D.K.: Once the service is booked, we will reach out to the client to understand the topic they’re interested in, the particular questions they want us to askand also the kind of outcomes they expect. Is it about how they compare with other institutions, or is it about their university as a destination on its own, or maybe they want to recruit for particular subjects. You also have an option to add a survey to the research. After this, we put the focus groups questions together and send at least two research experts from the QS Intelligence Unit to one of the QS international education fairs. We would have preselected the students, to make sure participants are representative of our target audience. We run the focus groups in a minimum of two cities, in partnership with the QS Grad School Tour, QS University Tour or QS MBA Tour, but ideally we recommend at least four events to ensure a a good scope. Then, using the transcripts of these focus groups, we produce a report that covers the key findings and looks into the student demographics, as well asproviding recommendations on how to interpret the findings and move forward.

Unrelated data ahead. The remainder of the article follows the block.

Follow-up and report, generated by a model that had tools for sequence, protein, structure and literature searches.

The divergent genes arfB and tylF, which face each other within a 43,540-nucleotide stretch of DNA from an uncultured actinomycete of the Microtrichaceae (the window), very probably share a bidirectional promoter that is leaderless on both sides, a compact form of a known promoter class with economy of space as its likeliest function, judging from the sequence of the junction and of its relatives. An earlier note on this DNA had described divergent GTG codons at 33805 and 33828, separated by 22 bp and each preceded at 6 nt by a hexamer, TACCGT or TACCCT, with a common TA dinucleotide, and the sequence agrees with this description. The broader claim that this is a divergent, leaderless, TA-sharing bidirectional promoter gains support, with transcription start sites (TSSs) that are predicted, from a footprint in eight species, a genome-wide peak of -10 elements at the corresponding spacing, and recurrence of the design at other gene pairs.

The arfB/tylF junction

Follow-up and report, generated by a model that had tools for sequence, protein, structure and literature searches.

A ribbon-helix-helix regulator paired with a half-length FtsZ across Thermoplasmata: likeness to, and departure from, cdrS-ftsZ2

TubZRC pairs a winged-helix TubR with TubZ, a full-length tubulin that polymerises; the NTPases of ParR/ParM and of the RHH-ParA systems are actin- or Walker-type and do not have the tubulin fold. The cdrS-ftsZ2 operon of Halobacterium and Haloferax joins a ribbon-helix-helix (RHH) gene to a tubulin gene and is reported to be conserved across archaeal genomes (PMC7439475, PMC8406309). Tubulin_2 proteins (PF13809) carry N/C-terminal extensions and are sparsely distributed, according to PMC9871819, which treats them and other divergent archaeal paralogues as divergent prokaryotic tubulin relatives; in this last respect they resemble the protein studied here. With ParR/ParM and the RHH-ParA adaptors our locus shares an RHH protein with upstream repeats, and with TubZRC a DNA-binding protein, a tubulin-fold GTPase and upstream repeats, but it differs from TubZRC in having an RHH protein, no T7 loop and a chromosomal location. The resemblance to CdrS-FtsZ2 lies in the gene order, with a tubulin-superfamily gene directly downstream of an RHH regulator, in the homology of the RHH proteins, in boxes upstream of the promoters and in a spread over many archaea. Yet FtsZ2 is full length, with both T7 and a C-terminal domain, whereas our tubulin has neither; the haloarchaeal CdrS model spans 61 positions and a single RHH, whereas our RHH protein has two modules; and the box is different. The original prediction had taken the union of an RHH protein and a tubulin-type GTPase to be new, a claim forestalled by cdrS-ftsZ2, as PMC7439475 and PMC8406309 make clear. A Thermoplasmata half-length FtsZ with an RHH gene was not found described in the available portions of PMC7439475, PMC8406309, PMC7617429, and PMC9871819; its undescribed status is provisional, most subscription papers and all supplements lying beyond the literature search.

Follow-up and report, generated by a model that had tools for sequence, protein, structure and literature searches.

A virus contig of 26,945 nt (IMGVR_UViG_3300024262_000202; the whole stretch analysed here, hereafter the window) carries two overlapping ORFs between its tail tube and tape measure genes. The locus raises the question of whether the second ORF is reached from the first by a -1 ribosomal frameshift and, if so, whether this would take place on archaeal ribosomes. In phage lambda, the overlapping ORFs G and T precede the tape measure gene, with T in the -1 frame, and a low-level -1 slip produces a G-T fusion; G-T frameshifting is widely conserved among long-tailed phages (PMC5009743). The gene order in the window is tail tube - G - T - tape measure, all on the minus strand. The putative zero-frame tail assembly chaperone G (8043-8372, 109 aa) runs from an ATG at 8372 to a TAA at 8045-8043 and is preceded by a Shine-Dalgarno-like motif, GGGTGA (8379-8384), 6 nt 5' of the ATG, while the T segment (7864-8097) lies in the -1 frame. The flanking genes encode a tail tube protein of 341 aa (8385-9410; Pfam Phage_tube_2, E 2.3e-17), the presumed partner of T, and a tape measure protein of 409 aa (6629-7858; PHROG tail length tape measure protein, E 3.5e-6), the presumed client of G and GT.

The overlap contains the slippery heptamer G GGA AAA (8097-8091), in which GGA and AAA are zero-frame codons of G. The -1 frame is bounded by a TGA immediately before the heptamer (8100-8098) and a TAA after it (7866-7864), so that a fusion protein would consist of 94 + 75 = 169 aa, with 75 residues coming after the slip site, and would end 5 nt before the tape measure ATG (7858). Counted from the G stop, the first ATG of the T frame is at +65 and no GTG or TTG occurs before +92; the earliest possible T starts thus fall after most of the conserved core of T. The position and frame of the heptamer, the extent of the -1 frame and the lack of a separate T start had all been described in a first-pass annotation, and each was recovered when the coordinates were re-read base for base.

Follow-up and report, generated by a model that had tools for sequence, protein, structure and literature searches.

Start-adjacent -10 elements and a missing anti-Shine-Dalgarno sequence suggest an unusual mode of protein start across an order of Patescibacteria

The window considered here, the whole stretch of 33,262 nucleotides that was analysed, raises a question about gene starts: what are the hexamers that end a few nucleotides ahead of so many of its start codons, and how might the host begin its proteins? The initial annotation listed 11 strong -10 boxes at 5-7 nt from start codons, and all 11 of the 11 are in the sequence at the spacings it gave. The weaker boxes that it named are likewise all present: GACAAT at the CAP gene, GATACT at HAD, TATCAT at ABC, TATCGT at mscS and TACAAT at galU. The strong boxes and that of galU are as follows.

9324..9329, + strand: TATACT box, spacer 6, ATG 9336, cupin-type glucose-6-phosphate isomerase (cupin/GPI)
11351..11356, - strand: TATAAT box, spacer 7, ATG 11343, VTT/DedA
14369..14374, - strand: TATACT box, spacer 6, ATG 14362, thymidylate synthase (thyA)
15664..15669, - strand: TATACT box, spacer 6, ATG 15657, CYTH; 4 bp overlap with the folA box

Why is QS the better choice to run focus groups on behalf of a university?
D.K.: As somebody who comes from a background of working with students, I know the skills that it takes to run a focus group, the soft skills, personal skills, but also specific focus group training, interview training for students to be able to be honest, to be relaxed, to actually talk about things that matter and to facilitate a good discussion with. For a focus group to result in useful research, you also need someone who can interpret the results accurately. QS has years of experience producing reports and analysing data. We have a certain standard we can guarantee. And we have successfully been running events with international students across the globe. We also have an avantage when it comes to international communication, helping us overcome the language barriers, as we have over 25 languages spoken in-house. Finally, we’re an impartial organisation , not aligned with any particular university but with a good understanding of how universities operate and what they offer, and hence are well placed to carry out market research on behalf of universities.